What Is Net Loss? Definition, How To Calculate It and Causes

By Desmond Motiso

Updated October 17, 2022 | Published February 25, 2020

Updated October 17, 2022

Published February 25, 2020

Desmond Motiso is a creative, cross-functional, tech-savvy and Cisco-certified digital copywriter with 5+ years of professional experience in producing content free of technical jargon. He enjoys finding unique angles to stories and creating evergreen content that provides value, engages and informs both technical and non-technical audiences.

If you work with financial statements or reports, it's essential to understand the concept of net loss. This accounting term involves using multiple components to discover valuable information about a company. Learning about net loss can help you interpret it on a financial statement, understand factors that may lead to it and help a business make more profitable decisions.

In this article, we define net loss explain why it's important to calculate it and how to do so, share which factors lead to net loss and how to record it on financial statements, then give examples of it.

What is net loss?

Net loss, or net operating loss, is when an organization's total expenses exceed its total income or revenue for a specific period. Net loss is the opposite of net income, in which income or revenue exceeds expenses and results in a profit. Companies can expect or plan for a short-term net loss in response to various economic factors, and a business may use the earnings it retains to continue operating. Net loss also differs from gross loss, which is the negative amount left after subtracting the cost of goods sold from total revenues.

Net loss includes the revenues and expenses for a specific period. The accrual method of accounting records expenses and income when companies incur them, regardless of when they pay for expenses. Several factors can contribute to a net loss, but they all relate to a decrease in revenues or an increase in expenses. For example, payroll for work in December 2022 may not receive pay until January 2023. Since the expenses match December 2022 revenues, they appear on the 2022 financial statements.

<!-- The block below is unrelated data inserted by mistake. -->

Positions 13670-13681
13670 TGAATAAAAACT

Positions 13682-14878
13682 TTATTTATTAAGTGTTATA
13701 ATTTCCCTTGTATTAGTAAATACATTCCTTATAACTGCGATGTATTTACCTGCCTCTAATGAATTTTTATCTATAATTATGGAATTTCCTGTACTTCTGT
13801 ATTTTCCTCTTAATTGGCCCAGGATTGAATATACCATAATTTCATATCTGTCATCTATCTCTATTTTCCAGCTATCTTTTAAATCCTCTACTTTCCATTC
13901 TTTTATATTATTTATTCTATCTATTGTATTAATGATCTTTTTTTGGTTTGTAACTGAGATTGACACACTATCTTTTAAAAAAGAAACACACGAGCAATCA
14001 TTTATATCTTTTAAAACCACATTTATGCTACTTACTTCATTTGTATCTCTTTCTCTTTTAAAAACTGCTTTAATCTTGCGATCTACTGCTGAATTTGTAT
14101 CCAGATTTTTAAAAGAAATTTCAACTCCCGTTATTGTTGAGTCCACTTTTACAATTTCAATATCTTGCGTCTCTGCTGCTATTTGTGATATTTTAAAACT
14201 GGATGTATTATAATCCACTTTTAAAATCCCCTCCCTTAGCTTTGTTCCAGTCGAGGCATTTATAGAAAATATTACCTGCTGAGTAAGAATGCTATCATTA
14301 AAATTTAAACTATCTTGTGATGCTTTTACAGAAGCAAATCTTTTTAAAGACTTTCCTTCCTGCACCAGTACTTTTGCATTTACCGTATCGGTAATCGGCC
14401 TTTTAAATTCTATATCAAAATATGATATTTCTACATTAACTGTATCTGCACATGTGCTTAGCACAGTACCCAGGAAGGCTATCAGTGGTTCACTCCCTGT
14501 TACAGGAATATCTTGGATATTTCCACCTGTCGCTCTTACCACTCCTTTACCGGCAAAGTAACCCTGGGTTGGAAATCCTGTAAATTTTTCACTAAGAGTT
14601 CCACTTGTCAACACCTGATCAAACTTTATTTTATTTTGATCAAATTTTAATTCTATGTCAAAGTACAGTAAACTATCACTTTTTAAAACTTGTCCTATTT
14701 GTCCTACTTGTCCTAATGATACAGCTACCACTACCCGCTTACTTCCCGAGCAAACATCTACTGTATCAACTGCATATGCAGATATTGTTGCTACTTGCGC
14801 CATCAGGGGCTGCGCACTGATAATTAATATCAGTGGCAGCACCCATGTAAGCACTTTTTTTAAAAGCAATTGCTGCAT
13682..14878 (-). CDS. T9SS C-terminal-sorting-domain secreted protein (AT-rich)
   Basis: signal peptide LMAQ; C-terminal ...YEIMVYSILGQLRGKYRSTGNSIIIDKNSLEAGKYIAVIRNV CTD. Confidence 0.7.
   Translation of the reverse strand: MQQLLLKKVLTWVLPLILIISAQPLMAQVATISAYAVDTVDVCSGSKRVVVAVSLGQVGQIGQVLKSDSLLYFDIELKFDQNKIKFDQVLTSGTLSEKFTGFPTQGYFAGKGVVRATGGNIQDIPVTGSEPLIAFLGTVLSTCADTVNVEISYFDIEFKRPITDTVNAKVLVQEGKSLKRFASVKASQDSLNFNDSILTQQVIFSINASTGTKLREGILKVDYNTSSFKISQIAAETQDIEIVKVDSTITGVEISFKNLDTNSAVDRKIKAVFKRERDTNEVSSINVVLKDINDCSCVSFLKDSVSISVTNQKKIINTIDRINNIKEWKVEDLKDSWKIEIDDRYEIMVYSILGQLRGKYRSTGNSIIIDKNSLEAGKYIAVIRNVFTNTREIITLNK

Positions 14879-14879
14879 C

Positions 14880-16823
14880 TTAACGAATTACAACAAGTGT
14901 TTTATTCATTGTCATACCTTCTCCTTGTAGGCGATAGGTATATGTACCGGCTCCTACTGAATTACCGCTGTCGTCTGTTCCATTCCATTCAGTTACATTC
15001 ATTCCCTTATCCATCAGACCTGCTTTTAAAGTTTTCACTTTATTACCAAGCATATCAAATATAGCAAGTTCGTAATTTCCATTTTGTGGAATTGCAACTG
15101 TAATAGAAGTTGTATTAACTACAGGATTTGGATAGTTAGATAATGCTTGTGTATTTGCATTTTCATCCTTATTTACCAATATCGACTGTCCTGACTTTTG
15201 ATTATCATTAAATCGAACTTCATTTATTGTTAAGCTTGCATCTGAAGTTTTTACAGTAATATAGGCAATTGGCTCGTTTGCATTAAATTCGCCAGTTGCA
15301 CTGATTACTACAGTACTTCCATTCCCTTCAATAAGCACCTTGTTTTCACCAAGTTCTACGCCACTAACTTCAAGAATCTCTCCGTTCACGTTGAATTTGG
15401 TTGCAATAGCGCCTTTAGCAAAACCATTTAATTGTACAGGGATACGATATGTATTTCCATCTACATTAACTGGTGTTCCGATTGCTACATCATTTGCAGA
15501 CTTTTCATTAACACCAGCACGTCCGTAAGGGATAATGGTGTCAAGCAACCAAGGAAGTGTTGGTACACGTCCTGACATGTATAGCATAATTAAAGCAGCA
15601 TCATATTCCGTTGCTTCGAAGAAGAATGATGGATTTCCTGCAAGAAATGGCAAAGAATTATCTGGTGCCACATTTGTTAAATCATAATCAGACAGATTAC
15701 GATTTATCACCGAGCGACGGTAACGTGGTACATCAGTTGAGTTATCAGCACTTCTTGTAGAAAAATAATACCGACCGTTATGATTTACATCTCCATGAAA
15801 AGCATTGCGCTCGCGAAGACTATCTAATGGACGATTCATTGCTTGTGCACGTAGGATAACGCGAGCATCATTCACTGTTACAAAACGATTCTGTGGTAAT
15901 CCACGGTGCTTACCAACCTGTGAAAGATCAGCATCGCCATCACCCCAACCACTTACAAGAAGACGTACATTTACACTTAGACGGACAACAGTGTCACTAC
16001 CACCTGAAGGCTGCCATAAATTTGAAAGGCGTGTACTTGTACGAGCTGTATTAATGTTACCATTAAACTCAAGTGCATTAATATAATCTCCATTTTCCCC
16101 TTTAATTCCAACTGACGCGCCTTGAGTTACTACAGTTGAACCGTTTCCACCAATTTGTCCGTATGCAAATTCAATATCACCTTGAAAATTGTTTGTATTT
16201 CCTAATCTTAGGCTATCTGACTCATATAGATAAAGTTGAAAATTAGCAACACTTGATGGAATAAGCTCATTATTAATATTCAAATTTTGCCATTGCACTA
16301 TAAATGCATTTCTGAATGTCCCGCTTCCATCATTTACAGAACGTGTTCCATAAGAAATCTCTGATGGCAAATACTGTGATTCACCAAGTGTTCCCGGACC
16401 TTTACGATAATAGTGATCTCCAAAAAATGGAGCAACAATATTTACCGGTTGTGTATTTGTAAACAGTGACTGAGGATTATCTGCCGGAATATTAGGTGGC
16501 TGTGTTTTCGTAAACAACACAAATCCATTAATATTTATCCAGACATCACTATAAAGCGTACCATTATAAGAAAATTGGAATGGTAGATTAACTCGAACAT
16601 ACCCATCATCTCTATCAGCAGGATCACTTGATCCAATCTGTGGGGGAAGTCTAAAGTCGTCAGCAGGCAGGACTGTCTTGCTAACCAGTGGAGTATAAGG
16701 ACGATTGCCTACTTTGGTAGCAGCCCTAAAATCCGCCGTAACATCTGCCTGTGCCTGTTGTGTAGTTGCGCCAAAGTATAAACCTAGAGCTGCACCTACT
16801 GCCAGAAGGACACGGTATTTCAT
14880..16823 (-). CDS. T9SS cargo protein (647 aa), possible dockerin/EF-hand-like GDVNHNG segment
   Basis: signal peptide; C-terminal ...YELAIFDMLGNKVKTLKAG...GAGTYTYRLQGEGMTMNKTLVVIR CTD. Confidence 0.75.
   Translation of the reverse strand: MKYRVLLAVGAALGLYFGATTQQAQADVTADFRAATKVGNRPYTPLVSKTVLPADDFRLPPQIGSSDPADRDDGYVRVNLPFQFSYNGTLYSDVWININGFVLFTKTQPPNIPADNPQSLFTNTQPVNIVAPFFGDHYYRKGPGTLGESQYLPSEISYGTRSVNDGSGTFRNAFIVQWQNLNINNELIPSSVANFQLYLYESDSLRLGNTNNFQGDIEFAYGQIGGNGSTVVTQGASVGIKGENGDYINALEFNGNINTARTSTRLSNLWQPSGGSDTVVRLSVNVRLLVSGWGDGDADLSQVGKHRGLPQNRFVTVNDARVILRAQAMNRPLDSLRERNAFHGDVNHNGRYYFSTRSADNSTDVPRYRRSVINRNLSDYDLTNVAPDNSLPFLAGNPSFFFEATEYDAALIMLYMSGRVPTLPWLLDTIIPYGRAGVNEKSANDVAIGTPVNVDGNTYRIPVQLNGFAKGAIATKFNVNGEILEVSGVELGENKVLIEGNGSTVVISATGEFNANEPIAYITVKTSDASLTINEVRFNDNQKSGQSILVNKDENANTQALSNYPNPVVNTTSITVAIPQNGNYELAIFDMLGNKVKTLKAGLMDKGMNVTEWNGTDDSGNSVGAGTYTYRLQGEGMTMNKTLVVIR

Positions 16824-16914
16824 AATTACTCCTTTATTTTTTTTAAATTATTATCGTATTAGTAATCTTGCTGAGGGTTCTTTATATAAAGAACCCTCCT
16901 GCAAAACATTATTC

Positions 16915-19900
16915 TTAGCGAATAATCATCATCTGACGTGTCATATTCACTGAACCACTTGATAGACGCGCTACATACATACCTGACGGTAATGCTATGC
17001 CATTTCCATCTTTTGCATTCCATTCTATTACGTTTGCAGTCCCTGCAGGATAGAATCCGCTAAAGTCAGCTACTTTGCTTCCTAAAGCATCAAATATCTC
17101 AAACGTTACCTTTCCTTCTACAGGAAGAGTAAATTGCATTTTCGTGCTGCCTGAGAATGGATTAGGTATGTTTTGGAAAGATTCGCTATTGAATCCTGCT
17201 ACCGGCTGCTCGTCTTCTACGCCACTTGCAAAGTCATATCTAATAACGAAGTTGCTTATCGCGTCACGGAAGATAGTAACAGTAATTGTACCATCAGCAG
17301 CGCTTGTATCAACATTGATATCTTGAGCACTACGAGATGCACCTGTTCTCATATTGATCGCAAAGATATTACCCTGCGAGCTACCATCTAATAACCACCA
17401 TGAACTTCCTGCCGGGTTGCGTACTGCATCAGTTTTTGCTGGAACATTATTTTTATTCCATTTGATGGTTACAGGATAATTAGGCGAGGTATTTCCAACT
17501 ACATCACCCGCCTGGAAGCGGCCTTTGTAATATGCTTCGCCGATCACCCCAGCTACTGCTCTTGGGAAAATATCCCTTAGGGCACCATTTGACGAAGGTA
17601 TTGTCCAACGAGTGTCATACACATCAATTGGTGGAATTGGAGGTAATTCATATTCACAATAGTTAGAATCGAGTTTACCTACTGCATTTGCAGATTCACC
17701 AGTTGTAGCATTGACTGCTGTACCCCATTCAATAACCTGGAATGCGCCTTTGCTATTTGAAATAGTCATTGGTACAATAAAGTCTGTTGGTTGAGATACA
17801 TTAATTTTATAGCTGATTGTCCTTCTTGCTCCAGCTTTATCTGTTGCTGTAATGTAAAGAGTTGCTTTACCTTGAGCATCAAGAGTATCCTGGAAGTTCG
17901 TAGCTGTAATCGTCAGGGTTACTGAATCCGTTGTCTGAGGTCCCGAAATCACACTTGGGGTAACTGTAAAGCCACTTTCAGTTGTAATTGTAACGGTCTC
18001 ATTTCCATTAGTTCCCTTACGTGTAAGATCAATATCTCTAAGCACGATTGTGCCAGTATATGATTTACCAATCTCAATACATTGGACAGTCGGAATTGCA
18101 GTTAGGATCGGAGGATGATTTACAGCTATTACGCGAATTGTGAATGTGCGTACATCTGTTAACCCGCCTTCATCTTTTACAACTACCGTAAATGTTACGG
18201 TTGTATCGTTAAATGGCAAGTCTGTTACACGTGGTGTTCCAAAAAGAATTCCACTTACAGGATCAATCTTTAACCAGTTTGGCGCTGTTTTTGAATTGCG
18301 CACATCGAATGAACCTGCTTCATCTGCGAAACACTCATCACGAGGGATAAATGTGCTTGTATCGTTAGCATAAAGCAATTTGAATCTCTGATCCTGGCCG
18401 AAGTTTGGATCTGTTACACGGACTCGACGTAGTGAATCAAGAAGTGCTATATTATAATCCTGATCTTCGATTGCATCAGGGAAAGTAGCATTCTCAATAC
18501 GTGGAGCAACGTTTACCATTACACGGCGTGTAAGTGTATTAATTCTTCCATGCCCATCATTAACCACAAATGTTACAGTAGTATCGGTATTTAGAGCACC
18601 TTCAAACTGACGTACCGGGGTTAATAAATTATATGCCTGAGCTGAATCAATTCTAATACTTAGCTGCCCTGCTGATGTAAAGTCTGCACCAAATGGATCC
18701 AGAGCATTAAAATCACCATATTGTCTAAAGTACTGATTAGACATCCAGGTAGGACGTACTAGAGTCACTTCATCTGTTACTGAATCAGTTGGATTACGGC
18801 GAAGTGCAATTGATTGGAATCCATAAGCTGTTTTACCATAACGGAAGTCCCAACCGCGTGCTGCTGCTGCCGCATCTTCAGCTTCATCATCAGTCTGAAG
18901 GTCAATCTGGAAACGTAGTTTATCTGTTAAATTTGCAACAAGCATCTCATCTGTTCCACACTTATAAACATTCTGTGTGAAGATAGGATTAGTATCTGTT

Related: Gross Profit vs. Net Profit: What's the Difference?

Why is calculating net loss important?

It's essential to accurately calculate and report net loss on financial statements because it determines a company's taxable income. It can qualify a business for tax refunds, which a company can use to fund new marketing campaigns, develop new products or increase inventory. Net losses show on a company's income statement and statement of equity. If you're a potential investor in a company, a concurrent net loss might be a sign to proceed with caution.

Related: What Is a Marketing Campaign?

Calculating net loss

The formula for calculating net loss is revenue minus expenses equals net loss or net profit. Here's its formula:

Net profit/loss = total revenue or income - total expenses

Here's a step-by-step guide for calculating net loss:

  1. Calculate revenue. First, determine the revenue, which is the income the business generates. If net income and net loss are the bottom line of a financial statement, then revenue is the top line.

  2. Identify expenses. Calculate the total sum of all expenses to evaluate how much it costs to operate the business. These include fixed costs, which the company pays regularly, and variable costs, which may change depending on several factors.

  3. Subtract expenses from the revenue. If the calculation yields a negative number, that number is the net loss, which represents how much money the business lost for that period. If the calculation yields a positive number, that number represents the net profit.

Related: Fundamental Accounting Equation: Uses, Formula and Examples

Factors that lead to a net loss

Here are some factors that can cause a business to earn a lower revenue than it expected to, which can cause a net loss:

Declining sales or increasing market competition